What it’s like to ride the La Plagne Bobsleigh?

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To start the winter season off in style we were given the opportunity to do something that’s really incredible, maybe a once in a lifetime experience…. the La Plagne Bobsleigh is run at the popular Winter resort in the Tarentaise Valley! In about 90 seconds you get to go down 19 bends and enough sensations to keep you buzzing for a while afterwards! It’s definitely a unique experience and maybe after reading our review you’ll want to give it a go too!  So allez!  let’s go to La Plagne in the French Alps. It’s the only place in the world where the bobsleigh is easily accessible to the general public. Find out all about our thrilling experience below!

[read this article in French! ??]


A bit about the Bobsleigh – an Olympic Sport

The bobsleigh is a professional sport involving much stamina and precision.

This Olympic sport became popular after the much loved Cool Runnings film was released in 1993. I remember watching that movie as a child …!

“Feel the Rhythm! Feel the Rhyme! Get on up, it’s bobsled time! Cool Runnings!”

The bobsleigh has been part of the Olympic Games since 1924. The most successful nations are Switzerland and Germany.

In 2019 there are now 17 bobsleigh tracks in the world (7 of which are in Europe). Most of them have been built for when countries were hosting the Winter Olympic Games. The only track in France is where we were at La Plagne, which is part of a huge ski area in the Savoie region of the French Alps. It was built specifically for the Winter Olympic Games organised in 1992 at Albertville. 

La Plagne Bobsleigh track © French Moments

The La Plagne Bobsleigh track in Summer © French Moments

How exciting that we got to try it out!


Some interesting facts about the La Plagne Bobsleigh run

It’s the only track in France and unique in the world as it’s the only run where the general public can have a go.

  • 19 bends
  • 1,507m long + 200m at the end for breaking
  • 3rd longest track in the world
  • 124m descent from start to finish
  • an average 8.9% incline
  • 134kph is the highest speed record
  • it was built between Sept 1988 and Dec 1990
  • in 1991 it hosted it’s first bobsleigh competition
  • in 1992 part of the Winter Olympic Games (350 athletes from 27 countries)
  • 14000 people access the La Plagne Bobsleigh each winter.
  • 233 million French francs is how much it cost to build (equivalent to 45 million euros)

Where does the ice come from?

La Plagne Bobsleigh track © French Moments

At the start of the La Plagne Bobsleigh track © French Moments

You have no doubt guessed that the ice doesn’t just magically appear on its own! Even when the temperature outside is below freezing it takes 6 days of work by a team of 50 people to craft the track!

The location of the track was carefully planned as it faces North which helps the glaciers’ job of keeping the track in top condition. The glaciers at La Plagne are highly skilled and were even called upon to supervise the crafting of the ice for the bobleigh course for the 2014 Winter Olympics. 

Before (in the 1990’s) 45 tons of ammonia were used to cool the track. Now, the use of ammonia has become controversial so brine water is used instead which is more ecological.

Security is no laughing matter!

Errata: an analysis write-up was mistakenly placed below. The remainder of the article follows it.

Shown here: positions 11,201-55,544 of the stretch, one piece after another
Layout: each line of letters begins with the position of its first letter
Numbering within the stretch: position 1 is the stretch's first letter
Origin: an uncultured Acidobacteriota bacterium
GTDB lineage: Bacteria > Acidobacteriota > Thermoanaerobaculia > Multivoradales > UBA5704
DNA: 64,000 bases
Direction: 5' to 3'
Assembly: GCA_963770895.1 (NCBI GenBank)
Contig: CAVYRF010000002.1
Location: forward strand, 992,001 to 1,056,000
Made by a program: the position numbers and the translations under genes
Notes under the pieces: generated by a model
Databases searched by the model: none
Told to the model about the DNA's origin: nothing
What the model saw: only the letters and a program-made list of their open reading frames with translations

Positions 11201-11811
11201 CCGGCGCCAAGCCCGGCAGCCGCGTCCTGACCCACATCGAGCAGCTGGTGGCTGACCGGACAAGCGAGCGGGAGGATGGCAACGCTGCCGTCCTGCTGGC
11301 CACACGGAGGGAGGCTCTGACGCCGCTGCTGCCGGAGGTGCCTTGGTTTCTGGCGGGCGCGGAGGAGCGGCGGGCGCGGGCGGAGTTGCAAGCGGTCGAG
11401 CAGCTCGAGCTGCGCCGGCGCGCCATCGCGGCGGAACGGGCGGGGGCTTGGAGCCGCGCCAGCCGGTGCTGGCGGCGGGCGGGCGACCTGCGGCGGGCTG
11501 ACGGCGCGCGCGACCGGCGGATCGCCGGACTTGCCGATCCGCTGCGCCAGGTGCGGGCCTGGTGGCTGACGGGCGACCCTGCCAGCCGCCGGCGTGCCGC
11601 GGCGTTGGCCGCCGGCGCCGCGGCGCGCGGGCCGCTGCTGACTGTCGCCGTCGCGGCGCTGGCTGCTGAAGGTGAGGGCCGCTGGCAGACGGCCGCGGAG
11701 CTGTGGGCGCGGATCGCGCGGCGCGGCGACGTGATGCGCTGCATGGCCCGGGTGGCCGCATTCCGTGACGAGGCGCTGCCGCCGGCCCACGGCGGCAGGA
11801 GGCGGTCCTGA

There are no less than 280 sensors all along the track which enable the temperature of the run to be controlled. You don’t imagine all the detail that goes into it as you are hurtling down the track!

La Plagne Bobsleigh track © French Moments

At the start of the La Plagne Bobsleigh track © French Moments

So who is driving?

Ummm …. well no-one … unless you choose the Bob Racing option where a professional pilots the La Plagne Bobsleigh!

With the options Bob Raft or Bob Luge it is a self guided / auto-breaking run where the bobsleigh is pre-programmed using the security sensors to break at certain points.

I didn’t realise but each day they have to re-set these depending on the conditions of the ice! You can find out more about the different options at the bottom of this post.


Recap of our bobsleigh run…

Invited by the Office de Tourisme de la Grande Plagne we got to try out the Bob Raft. We were driven up to the hamlet of La Roche which is just below the Plagne 1800 ski station. 

The huge olympic site was spread out below us as we arrived at the departure point of the bobsleigh run. The place was buzzing with people all waiting for their turn. I was surprised by how popular it was but then as it only opens at 4pm to the public each day the crowds made sense! There was a sense of history and something special, made even more magical by the falling snow around us.

Our little team

  • Josiah, 13 years old, my English nephew who had come to spend Christmas with us
  • my wife Rachel and
  • me!
La Plagne Bobsleigh track © French Moments

Our little team ready for the Great ride! © French Moments

Before accessing the track we put on a helmet which would protect our head and neck.

The Bobsleigh

For the Bob Raft you go down in an engine similar to those used by athletes, 3.5 metres long with a weight of 270kg.

La Plagne Bobsleigh track © French Moments

One more run and it will be our turn! © French Moments

Getting ready!

You sit in a line inside the bobsleigh with your legs round the person in front of you. There is a soft mattress to each side for protection and ropes to hold onto. Needless to say it’s nice and cosy with four of you! The staff check you all have your lap belt on and that you’re secure.

Josiah went up front, followed by Rachel, then me and behind another person, on holiday from England too.

The launch and descent

With a big push we were off!

Quite a peaceful launch… so far so good.

After the first couple of bends I thought “ok, this is not too scary, I can handle this”.

How fun to be gliding down the icy track!

La Plagne Bobsleigh track © French Moments

The first bends: so far, so good! © French Moments

But quickly things got a bit more dramatic…!

When the bobsleigh reached high speed and hit the next bends it was an incredible sensation…

Shcrrriiiiiiiick ! You can hear the engine squeaking and breaking on the ice!I think I’ll remember that sound all my life!

By half way down I’d lost count how many bends we’d been down.

La Plagne Bobsleigh track © French Moments

There. Things are getting serious © French Moments